BODY Our Bodies, Ourselves: Medical Care at Middle Age
I woke up this morning and knew before I even moved—or tried to move—that it was going to be one of those days. My lower back plagued me already: The old rheumatoid arthritis was acting up. I bent my knees slightly to relieve the pain. I had slept with my arms over my head, so I could barely move them. Gingerly, I brought them down by my side, but not before fluffing up my pillow and placing it squarely under my neck, which sagged from the lack of support—just one more nuisance. Ahhh…finally, I could snuggle under the covers and concentrate on relaxing all my various creaking body parts before subjecting them to the onslaught of another day.

FAMILY And Then There Was One: Thoughts on Single-Parent Empty Nesting
Perhaps the first thing that we think of when we consider the single parent in terms of the empty-nest stage of life is that alone meanslonely. Nothing could be further from the truth. A single person whose children are grown has a freedom that is double the pleasure. If you’ve made sure to be home on time every night for the last 20 years of your life, not being on a schedule is a delicious change of circumstances. Add to that the freedom of not needing to be on schedule for a spouse or partner and your experience of life is doubly sweet. Nothing increases our enjoyment better than experiencing it after long absence. Of course, alone can quickly turn to lonely if you’re not getting out of the house.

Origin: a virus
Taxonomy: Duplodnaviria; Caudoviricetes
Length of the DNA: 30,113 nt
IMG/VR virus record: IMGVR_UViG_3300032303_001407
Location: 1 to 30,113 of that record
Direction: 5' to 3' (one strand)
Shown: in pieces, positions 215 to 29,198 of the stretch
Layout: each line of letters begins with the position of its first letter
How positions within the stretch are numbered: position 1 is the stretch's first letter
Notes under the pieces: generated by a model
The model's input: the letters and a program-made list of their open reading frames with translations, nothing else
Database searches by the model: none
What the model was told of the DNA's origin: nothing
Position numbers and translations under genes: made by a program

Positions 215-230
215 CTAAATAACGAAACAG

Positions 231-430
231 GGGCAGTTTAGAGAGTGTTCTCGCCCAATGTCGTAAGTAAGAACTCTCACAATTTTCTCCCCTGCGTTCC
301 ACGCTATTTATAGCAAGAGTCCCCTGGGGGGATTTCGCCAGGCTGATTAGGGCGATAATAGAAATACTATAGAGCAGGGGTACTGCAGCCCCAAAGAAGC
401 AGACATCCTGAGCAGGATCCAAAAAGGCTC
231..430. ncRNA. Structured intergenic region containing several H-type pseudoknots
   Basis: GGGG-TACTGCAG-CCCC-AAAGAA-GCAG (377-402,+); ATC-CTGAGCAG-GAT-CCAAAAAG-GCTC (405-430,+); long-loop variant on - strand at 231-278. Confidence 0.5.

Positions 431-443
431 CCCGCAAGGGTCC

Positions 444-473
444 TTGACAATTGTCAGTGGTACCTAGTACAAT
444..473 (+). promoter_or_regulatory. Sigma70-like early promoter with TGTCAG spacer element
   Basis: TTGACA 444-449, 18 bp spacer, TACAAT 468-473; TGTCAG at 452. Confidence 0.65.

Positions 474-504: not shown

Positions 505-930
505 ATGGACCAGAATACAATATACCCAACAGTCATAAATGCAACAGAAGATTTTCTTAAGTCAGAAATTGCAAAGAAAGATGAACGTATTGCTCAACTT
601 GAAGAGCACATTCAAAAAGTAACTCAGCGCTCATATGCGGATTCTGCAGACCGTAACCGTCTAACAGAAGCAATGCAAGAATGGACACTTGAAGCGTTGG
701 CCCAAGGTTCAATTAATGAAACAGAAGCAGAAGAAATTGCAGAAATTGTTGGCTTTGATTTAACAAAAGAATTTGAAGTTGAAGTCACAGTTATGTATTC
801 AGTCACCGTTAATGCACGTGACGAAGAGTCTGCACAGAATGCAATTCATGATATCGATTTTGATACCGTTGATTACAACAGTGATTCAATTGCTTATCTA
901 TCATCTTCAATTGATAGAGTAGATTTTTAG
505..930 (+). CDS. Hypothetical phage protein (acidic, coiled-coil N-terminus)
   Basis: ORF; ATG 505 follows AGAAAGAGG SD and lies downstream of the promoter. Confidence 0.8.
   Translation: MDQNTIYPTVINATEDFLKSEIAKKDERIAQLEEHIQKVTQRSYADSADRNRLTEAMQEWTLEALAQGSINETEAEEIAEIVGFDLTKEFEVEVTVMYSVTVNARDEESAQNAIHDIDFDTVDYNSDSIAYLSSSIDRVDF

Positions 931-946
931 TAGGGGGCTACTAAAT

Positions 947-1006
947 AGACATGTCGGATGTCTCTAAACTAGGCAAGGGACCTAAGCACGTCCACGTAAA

PERSPECTIVE People I’ve Known and Loved: What Makes Them Special
I wanted to tell you more than the simple facts that John and I just came back from some of the best skiing we’ve ever enjoyed in Colorado, and that we’re going to visit his family and play some golf in Florida next month. So, sitting here staring at my computer, trying to decide what’s worth telling, I decided to write about three people I’ve known and loved, and four characteristics they have in common.

CULTURE The Gray Revolution: Is Your Head Next?
When I stepped into the shower one morning in early January 2005, I had no idea I would become part of a “gray movement” by the time I stepped out again to grab my towel. While washing my “brown” hair in the shower, I was listening to radio reports of the Southeast Asian tsunami’s human toll. The need for money and aid was astronomical. A question came to me from my conscience, unbidden, “So why are you wasting $1000 a year on your hair, again?” Suddenly, I knew I was going to go gray. It was one of those decisions that is made in a moment, when the metaphorical dominoes have been silently lining up and you knock them all down with the slightest touch of your finger. I once broke up with a high-maintenance boyfriend that way, decades ago, and after both decisions I felt lighter, more joyful, more . . . myself.

home :: about :: features :: departments :: submissions :: archives :: contact

© 2008 Spring Mount Communications